Since Elon Musk’s takeover of Twitter late last month, half of its employees have quit or been fired, leading observers to wonder if the platform will even remain functional for the rest of the year. .
But before the chaos and its potential end, Twitter was often a cute (or in some cases, thirsty) hangout. Users would post a concise response to someone’s tweet, “like” a thirst trap in the wee hours of the morning, or shoot their shot in DMs.
Some people who have found success with this scheme? John Mulaney and Olivia “Sending SO Much Love” Munn, Phoebe Bridgers and Paul Mescal, and Priyanka Chopra and Nick Jonas, among other celebrities.
Or take the story of Paige and Ian Savino from Nashville, Tennessee. The two started dating in November 2020, got engaged in April 2021 and married the following September. They have Twitter.com to thank for their romance.
“In 2020, I decided to take Twitter seriously and started making friends,” Paige Savino told HuffPost. “A friend of mine on Twitter knew my [later] husband in real life, and while she was interacting with my tweets, Ian saw them.
Ian Savino had read an “about me” thread from his future wife detailing how passionate she was about mental health, video games and family. This compelled him to reach out to DMs – although he swore he was not one to “slip into DMs”.
He messaged her asking if she would be up for a “100% platonic” Zoom call.
“He was sincere that he just wanted to be friends, but our feelings quickly changed,” Paige Savino recalled.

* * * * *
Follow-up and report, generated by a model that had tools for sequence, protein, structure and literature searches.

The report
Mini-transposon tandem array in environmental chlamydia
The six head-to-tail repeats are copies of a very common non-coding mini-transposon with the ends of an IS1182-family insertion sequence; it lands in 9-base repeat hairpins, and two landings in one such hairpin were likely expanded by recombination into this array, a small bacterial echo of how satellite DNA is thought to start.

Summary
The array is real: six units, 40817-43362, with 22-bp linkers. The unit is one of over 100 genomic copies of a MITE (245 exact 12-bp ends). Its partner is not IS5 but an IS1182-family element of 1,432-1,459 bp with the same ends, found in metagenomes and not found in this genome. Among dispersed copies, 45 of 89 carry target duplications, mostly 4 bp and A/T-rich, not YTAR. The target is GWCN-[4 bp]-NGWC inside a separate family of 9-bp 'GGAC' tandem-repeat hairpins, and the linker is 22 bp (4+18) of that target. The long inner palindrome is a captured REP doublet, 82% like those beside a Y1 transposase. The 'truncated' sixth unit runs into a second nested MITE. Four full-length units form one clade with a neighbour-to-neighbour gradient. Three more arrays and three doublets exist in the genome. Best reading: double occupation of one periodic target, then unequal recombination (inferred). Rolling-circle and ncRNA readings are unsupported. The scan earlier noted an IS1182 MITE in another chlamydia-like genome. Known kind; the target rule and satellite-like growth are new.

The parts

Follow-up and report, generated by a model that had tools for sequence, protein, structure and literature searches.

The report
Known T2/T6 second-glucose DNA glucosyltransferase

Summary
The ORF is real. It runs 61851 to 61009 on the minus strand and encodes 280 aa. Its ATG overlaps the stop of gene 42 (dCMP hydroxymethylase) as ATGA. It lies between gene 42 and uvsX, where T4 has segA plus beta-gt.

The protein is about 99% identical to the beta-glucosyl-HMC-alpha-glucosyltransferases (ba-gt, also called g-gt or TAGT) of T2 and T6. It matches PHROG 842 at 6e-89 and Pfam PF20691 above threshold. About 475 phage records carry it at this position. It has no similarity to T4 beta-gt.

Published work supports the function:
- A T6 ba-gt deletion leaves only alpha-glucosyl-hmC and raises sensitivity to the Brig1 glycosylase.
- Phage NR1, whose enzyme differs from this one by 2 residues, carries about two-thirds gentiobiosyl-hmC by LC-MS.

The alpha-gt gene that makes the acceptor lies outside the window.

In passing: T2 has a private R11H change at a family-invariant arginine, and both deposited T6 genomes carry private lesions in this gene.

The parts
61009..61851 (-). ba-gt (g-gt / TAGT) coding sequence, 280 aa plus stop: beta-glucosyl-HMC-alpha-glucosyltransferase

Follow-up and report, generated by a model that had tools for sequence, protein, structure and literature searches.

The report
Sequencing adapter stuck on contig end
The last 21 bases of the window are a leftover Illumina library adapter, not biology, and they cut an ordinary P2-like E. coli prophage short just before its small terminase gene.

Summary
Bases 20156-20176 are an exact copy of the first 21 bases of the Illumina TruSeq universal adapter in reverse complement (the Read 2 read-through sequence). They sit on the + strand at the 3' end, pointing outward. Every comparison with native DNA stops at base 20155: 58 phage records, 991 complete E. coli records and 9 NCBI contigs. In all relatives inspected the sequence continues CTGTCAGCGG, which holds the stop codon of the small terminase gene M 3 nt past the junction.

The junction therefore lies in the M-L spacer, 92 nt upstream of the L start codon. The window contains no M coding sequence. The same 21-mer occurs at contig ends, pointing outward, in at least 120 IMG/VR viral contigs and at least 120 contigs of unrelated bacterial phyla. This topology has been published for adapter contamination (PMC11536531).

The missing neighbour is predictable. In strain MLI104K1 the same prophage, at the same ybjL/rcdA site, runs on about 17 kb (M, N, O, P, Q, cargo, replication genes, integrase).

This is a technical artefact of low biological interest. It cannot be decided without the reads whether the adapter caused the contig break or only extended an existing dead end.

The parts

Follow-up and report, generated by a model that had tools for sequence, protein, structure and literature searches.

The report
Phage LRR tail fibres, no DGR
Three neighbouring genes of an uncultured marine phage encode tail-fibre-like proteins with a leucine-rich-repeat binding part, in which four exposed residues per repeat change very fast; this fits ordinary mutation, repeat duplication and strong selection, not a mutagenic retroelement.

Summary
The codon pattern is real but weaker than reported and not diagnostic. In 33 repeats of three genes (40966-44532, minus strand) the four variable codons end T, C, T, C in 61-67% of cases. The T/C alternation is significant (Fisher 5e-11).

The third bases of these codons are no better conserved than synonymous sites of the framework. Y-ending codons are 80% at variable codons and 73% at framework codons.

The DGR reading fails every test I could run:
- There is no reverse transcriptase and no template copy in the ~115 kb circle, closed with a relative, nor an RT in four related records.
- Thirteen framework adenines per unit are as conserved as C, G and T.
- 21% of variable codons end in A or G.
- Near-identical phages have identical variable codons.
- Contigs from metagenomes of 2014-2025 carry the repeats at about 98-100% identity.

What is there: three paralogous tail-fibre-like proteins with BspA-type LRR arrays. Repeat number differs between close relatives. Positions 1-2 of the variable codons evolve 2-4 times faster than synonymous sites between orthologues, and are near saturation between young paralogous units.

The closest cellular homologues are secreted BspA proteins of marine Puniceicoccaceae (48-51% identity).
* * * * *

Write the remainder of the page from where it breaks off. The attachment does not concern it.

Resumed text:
The couple’s first phone conversation lasted three hours, and each subsequent call got longer.
“Then he sent me a video of him singing,” Paige Savino said. “The next day we FaceTimed, and I opened the call with a burp and he didn’t run away.”
At the end of the conversation, he told her, “I always wanted to be with a person who would put on a banana suit and roller skate with me.”
“He asked, ‘Are you that kind of person?’ I absolutely am,” she said.
True to his word, Ian Savino drove hours to meet her and got out of the car in a banana suit – the first of multiple suits he would show off during their relationship.
“At our engagement photo shoot, he surprised me by buying us dinosaur costumes,” she said. “He’s my brand of weird.”
Looking back on their bird app-assisted courtship, Paige Savino couldn’t be happier with how it all turned out.
“Twitter is such an unorganized space, and I love that it saw my unfiltered self and wanted to get to know me,” she said.
For Policygenius reporter Myles Ma, the DM-slide-to-dating pipeline was a bit more roundabout. While working as a local reporter, Ma covered a gun control rally at a church in Ridgewood, New Jersey. He happened to tweet a picture of some gun rights counter-protesters who had come forward.
“I was doing the classic ‘both sides’ journalism thing, and Em was calling me,” Ma, who lives in Durham, North Carolina, told HuffPost.
The reporter found Em cute and smart on their behalf, so he not-so-subtly slipped into their DMs to ask them out for coffee. The two are now married and have a son together.
“We turned this DM into an ice cream decoration, which was served to our [wedding] rehearsal dinner,” Ma said.
Josh Summitt met their partner, Jordan, over a drunken tweet.
“It was a rainy night and I was drunk editing photos for a class project during junior high in the spring of 2012,” they recall. “I tweeted that I wanted to dance in the rain. And my current partner Jordan replied that they wish they could too.